|Kwashiorkor in Niger
Is it plausible that one small hospital in rural Northern California treated 1,030 cases of Kwashiorkor within a two year period?
Before you answer that, let me explain what Kwashiorkor is. It is a severe form of protein malnutrition…starving to death actually. It is the type of starvation you see in African children. It is so severe that the patient needs special nutritional support including special re-feeding with vitamins and it occurs mainly in children ages 1-4. Adults can starve to death, but they do not develop classic Kwashiorkor.
Medicare pays hospitals a flat rate based on diagnosis codes for patients. Patients with more severe coded illnesses get paid at a much higher rate. Shasta Regional Medical Center, located in Redding, Shasta County, California is under the microscope for billing Medicare (our tax dollars at work) for 1,030 cases of Kwashiorkor to the tune of $11,463 for each diagnosis. This medical center is Read more »
*This blog post was originally published at EverythingHealth*
The Orange County Register blog posted on military plastic surgery and mentioned liposuction:
Army Times reports that soldiers are turning to liposuction to remove fat if extreme dieting, laxatives and other methods fail to get them under the Army’s weight limit for their height, age and gender.
“Liposuction saved my career. Laxatives and starvation before an [Army Physical Fitness Test] sustains my career,” a soldier told the periodical. “Soldiers are using liposuction, laxatives and starvation to meet height and weight standards. I did, do and still do.”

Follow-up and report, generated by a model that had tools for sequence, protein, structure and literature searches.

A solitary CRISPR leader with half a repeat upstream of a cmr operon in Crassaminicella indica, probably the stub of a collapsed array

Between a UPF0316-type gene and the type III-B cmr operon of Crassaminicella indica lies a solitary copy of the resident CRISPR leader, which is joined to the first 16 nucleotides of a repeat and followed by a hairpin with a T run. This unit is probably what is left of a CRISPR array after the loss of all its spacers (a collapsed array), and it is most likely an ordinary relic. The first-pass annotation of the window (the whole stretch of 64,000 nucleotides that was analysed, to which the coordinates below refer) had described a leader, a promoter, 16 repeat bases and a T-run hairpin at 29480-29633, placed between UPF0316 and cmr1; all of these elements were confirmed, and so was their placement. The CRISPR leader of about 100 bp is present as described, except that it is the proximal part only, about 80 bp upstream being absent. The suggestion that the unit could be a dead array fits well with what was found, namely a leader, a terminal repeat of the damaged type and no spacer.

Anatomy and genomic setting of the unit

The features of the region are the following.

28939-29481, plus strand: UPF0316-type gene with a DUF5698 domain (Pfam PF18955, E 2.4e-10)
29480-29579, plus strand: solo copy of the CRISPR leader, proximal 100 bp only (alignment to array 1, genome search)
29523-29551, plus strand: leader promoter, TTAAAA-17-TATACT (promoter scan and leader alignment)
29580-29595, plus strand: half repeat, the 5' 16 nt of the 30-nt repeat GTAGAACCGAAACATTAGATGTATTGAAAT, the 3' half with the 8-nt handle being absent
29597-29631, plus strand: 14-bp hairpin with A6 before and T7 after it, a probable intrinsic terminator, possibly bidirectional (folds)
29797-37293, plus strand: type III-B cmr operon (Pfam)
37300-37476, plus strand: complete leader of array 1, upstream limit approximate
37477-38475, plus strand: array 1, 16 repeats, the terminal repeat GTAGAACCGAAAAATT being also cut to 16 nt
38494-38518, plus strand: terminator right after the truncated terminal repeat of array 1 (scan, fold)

I am well aware of the military patient looking to stay within military parameters to stay in the service as my San Clemente office is quite close to Camp Pendleton, and I give military discounts. I have seen several of these patients in my decade in San Clemente. Surgery for wives still outnumbers surgery for soldiers, though.
As some of these clients have explained, the Marine administration requires active duty soldiers to have certain measurements at a certain weight. Those who do not fall within these expected norms are first warned and then penalized. Liposuction has worked at times to keep some of these soldiers in the service.
– John Di Saia, M.D.
*This blog post was originally published at Truth in Cosmetic Surgery*
The Chilean mine rescue was a great example of international cooperation and effort, much like the International Space Station. Another similarity between the two was some of the physicians involved.
Dr. J.D. Polk and other flight surgeons at NASA had, years ago, made a contingency plan for how to make the limited Space Station food stores last for months if there was a problem with re-supply. So when the Chilean government asked if NASA had any advice for how to care for the miners trapped in a similar resource-limited setting, Dr. Polk and a team went down to help, and MedPage Today wrote up a great summary of their efforts. Read more »
*This blog post was originally published at Medgadget*